Just like manual controls are an integral part of any professional camcorder, manual color calibration controls are extremely important in monitors as well. When it comes to this, the NEC does not disappoint. The PA271W can be purchased with the SpectraViewII Color Calibration Solution which includes both software and the familiar colorimeter puck. Initially skeptical of the puck’s ability to achieve accurate color due to experience with other monitors, we were very impressed by both the ease and the results of the hardware and software. Within three minutes we literally had our monitor completely calibrated and looking visibly richer in color. The software also comes with the option to save an ICC color profile that can be loaded on another monitor for matching displays. At the same time, it is possible to load an ICC profile or LUT into the NEC in order to match another display. If that’s not enough, the monitor can be completely calibrated by eye, using either one of the monitor presets such as sRGB, Adobe RGB, High Bright, Full and DCI. Additionally, the monitor can automatically correct for yellow color shift as the LCDs age, giving the monitor accurate color for a longer period of time.

The monitor also allows users to select PIP which shows the signal coming into one of the other ports. Amazingly, the monitor can display a different color profile for the PIP input from the main signal. Similarly, the monitor also has the ability to show picture-by-picture which splits the signal into two horizontal frames that can also display different color presets on the same monitor. This can be very helpful for editors who want to make sure that their color correction works for two different color profiles.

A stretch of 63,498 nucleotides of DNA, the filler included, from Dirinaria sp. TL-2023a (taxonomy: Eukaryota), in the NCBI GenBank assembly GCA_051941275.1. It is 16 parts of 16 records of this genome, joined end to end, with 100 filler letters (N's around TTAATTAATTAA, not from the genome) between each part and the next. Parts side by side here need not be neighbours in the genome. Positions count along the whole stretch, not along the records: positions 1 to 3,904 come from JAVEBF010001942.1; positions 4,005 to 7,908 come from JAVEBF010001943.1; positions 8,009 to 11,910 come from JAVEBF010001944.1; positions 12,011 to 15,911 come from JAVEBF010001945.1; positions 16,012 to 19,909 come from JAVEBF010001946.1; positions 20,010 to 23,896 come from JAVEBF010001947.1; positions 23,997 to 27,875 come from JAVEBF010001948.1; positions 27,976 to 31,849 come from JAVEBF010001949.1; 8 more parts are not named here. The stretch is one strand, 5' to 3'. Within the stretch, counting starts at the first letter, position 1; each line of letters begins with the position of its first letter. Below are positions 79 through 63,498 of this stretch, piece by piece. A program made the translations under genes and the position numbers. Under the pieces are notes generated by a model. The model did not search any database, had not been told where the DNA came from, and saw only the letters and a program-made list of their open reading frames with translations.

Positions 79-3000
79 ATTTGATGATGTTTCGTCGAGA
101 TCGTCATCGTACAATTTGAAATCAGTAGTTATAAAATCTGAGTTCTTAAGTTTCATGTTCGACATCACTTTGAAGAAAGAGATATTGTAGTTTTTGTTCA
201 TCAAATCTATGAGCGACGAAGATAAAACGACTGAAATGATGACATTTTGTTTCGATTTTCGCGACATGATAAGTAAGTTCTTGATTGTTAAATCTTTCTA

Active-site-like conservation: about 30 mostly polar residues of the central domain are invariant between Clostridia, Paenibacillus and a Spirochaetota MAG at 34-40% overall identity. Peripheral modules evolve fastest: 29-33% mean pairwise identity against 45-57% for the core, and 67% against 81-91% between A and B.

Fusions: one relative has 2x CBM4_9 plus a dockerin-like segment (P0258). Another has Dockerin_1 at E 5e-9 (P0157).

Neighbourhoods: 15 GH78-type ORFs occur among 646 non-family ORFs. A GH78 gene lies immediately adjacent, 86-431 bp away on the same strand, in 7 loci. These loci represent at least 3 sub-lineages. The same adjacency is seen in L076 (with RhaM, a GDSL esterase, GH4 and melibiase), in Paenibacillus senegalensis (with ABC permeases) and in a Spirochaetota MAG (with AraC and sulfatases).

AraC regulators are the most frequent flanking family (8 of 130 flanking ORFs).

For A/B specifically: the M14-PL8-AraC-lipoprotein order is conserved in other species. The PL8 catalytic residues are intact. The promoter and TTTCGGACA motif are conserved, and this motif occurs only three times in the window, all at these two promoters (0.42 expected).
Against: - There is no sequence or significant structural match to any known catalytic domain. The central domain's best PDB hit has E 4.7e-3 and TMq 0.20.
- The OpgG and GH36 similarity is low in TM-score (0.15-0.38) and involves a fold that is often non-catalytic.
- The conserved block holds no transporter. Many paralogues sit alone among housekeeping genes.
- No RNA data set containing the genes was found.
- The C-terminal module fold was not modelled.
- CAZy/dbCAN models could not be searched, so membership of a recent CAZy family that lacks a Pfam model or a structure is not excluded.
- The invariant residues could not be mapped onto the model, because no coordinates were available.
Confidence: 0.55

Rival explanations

For those who are environmentally minded, NEC’s PA271W shines again. It has an Eco-mode which conserves energy by allowing users to define a setting for the backlight and best of all shows the power savings of the monitor in watts per hour making this monitor both easy on the eyes and on the environment.

The Bottom Line

For serious pros that need some of the best color accuracy on the market as well as plenty of screen real estate to work with, the NEC PA271W is an excellent choice. Even though it will take a good chunk of change to enjoy the benefits of this monitor at $1399, the color accuracy and display options will no doubt make any editor happy they made the purchase.

Tech Specs

Model: MultiSync PA271W-BK-SV

Viewable Image Size: 27 inches

Pixels Per Inch: 109

Brightness: 300 cd/m2

Contrast Ratio:1000:1

Viewing Angle: 178 degrees

Response Time: 7 ms

Inputs: DisplayPort (2) DVI, (5) USB, S-Video

Native Resolution: 2560×1440

Dimensions: 25.2 W x 15.6 H x 9.3 inches D

Power Consumption: 117 Watts

Weight: 30 lbs.

Warranty: 4 years parts and labor


  • 2560×1440 resolution
  • Large viewing angle
  • Extremely accurate color reproduction


  • Expensive
  • Heavy
  • Average contrast ratio


With a huge list of features and controllable options, the NEC PA271W is the best option for editors doing color critical work.

NEC Display Solutions

500 Park Boulevard

Itasca, IL 60143

Dan Bruns is an Associate Editor at Videomaker

The Videomaker Editors are dedicated to bringing you the information you need to produce and share better video.